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The Big Broadcast of 1938 (1938)

Passed  |   |  Animation, Comedy, Musical  |  11 February 1938 (USA)
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Ratings: 6.6/10 from 664 users  
Reviews: 23 user | 10 critic

The Bellows family causes comic confusion on an ocean liner, with time out for radio-style musical acts.



(screen play), (screen play), 5 more credits »
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Cast overview, first billed only:
T. Frothingill Bellows / S.B. Bellows
Martha Bellows
Dorothy Wyndham
Shirley Ross ...
Cleo Fielding
Lynne Overman ...
Scoop McPhail
Buzz Fielding
Ben Blue ...
Bob Hayes (as Leif Erikson)
Patricia Wilder ...
Honey Chile
Grace Bradley ...
Grace Fielding
Lionel Pape ...
Lord Droopy
Virginia Vale ...
Joan Fielding (as Dorothy Howe)
Russell Hicks ...
Captain Stafford
Kirsten Flagstad ...
Specialty: of the Metropolitan Opera Company


New ocean liner S.S. Gigantic is about to race its rival, the Colossal. Gigantic owner T.F. Bellows sends his brother S.B. on the Colossal, hoping he will cause trouble; delayed by a golf game, S.B. lands on Gigantic instead, and so does his unlucky daughter Martha. Meanwhile, radio emcee Buzz Fielding announces a series of musical acts and tries to juggle fiancée Dorothy and three ex-wives who've come for the ride. Can the Gigantic win against all handicaps? Will true love triumph? Written by Rod Crawford <>

Plot Summary | Plot Synopsis


The finest array of entertainment ever offered !


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Release Date:

11 February 1938 (USA)  »

Also Known As:

Desafio no Mar  »

Company Credits

Production Co:

Show detailed on  »

Technical Specs


(copyright length)

Sound Mix:

(Western Electric Mirrophonic Recording)

Aspect Ratio:

1.37 : 1
See  »

Did You Know?


In the animated "Rippling Rhythm" sequence, a cartoon drop of water refuses to go back into the ocean. Instead, it breaks free and dances around the band members of Shep Fields and His Rippling Rhythm Orchestra- and to the orchestra's music. See more »


Divorcee: I was married to him for eight months; I gave him the best years of my life!
See more »


Featured in Paramount Presents (1974) See more »


(1937) (uncredited)
Music by Ralph Rainger
Performed by Shep Fields and His Rippling Rhythm Orchestra
See more »

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User Reviews

Fifth Billed
26 February 2007 | by (Buffalo, New York) – See all my reviews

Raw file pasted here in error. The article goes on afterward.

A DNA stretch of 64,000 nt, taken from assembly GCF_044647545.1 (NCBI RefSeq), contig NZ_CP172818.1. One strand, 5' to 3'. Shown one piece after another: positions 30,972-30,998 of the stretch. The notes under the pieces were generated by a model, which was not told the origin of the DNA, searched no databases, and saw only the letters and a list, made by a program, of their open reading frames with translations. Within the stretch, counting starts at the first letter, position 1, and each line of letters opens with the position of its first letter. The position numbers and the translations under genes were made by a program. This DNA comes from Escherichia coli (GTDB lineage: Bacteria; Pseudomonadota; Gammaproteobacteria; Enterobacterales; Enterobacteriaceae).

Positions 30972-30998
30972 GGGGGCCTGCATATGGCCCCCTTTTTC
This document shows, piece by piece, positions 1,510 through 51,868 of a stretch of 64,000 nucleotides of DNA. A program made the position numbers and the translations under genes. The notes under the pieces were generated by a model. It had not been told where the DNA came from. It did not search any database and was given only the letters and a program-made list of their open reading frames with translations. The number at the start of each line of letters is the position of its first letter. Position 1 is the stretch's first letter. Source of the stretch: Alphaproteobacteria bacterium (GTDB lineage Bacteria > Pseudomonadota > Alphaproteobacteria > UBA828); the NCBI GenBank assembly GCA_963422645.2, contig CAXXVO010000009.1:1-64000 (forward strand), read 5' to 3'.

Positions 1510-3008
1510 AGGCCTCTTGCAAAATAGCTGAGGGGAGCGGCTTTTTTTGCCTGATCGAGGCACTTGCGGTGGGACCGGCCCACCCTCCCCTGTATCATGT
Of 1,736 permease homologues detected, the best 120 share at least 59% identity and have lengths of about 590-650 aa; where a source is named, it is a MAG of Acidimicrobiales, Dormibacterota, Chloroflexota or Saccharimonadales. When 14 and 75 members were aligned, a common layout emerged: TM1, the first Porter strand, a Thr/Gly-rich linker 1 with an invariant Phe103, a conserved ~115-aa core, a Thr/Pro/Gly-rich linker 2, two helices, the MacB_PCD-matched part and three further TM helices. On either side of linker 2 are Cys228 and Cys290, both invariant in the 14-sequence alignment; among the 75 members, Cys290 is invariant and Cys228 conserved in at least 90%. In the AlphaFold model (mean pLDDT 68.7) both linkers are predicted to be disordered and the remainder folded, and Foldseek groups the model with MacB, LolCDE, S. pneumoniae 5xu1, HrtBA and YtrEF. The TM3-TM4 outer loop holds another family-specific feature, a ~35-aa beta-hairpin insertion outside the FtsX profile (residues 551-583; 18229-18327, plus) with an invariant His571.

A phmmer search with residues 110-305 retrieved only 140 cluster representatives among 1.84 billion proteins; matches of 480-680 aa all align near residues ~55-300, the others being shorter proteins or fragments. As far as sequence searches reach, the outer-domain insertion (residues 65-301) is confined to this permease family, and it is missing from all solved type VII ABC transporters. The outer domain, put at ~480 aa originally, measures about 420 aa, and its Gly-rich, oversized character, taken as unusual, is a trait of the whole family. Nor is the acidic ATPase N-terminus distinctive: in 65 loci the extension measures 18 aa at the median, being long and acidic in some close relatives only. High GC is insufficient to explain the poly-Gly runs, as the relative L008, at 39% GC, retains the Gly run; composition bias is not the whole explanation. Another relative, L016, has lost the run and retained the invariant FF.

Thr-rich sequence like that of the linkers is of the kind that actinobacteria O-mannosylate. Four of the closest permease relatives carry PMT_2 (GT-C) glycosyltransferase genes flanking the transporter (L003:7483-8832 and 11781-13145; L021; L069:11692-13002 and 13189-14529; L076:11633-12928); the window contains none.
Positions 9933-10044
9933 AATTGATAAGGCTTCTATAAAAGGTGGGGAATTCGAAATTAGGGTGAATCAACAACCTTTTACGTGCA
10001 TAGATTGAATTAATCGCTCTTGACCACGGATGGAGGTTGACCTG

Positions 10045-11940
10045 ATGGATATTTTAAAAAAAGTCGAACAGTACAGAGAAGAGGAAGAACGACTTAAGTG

If The Big Broadcast of 1938 is remembered today it's for the fact that it introduced Bob Hope in his first feature film and at the same time gave him his theme song Thanks for the Memory. Hope was billed fifth in this production behind W.C.Fields, Martha Raye, Dorothy Lamour, and Shirley Ross.

It was in fact a Fields film, but it was also to be Fields's last film for Paramount and everyone knew it. Though there are some flashes of typical Fields humor, basically Fields staggers through the role, a dual role in fact of two brothers, owners of a transatlantic steamship line.

The very thin plot of this film is the fact that two big luxury liners are in a race from New York to Cherbourg with a lot of money in various bets on the race. In fact that's where Bob Hope's money is, tied up in wagers. If he loses, his three ex-wives are going to clobber him with alimony, the three former spouses being Shirley Ross, Dorothy Lamour, and Grace Bradley.

All three are on board one of the liners with Hope who's a broadcaster and will be broadcasting the race on a worldwide hookup.

Of course the plot is simply a convenience to allow a lot of talented people to show their stuff and they do. Besides Thanks for the Memory, Dorothy Lamour has a very nice song in You Took The Words Right Out Of My Heart which she sings to aspiring inventor Leif Erickson.

Thanks for the Memory is sung here and later recorded as a duet by Bob Hope and Shirley Ross. Ms. Ross's part in introducing what became the Oscar winning Best Song of 1938 is usually forgotten. Shirley Ross is also undeservedly forgotten herself today. She had a pleasing screen personality, a bit like Alice Faye and a good way with a lyric, just like Faye. Leo Robin and Ralph Rainger wrote Thanks for the Memory, probably the biggest hit that songwriting team ever had.

The Big Broadcast of 1938 was the last in a series of Big Broadcast films. By then I guess radio wasn't such a novelty gimmick to weave a film around. The first Big Broadcast gave Hope's lifetime rival, Bing Crosby, his first feature film starring role.

The film is part of an era of wonderful nonsense on the screen that was never concerned with any message of significance, just with providing the public with good entertainment. And with the cast of this film, it's guaranteed to be good entertainment.

11 of 12 people found this review helpful.  Was this review helpful to you?

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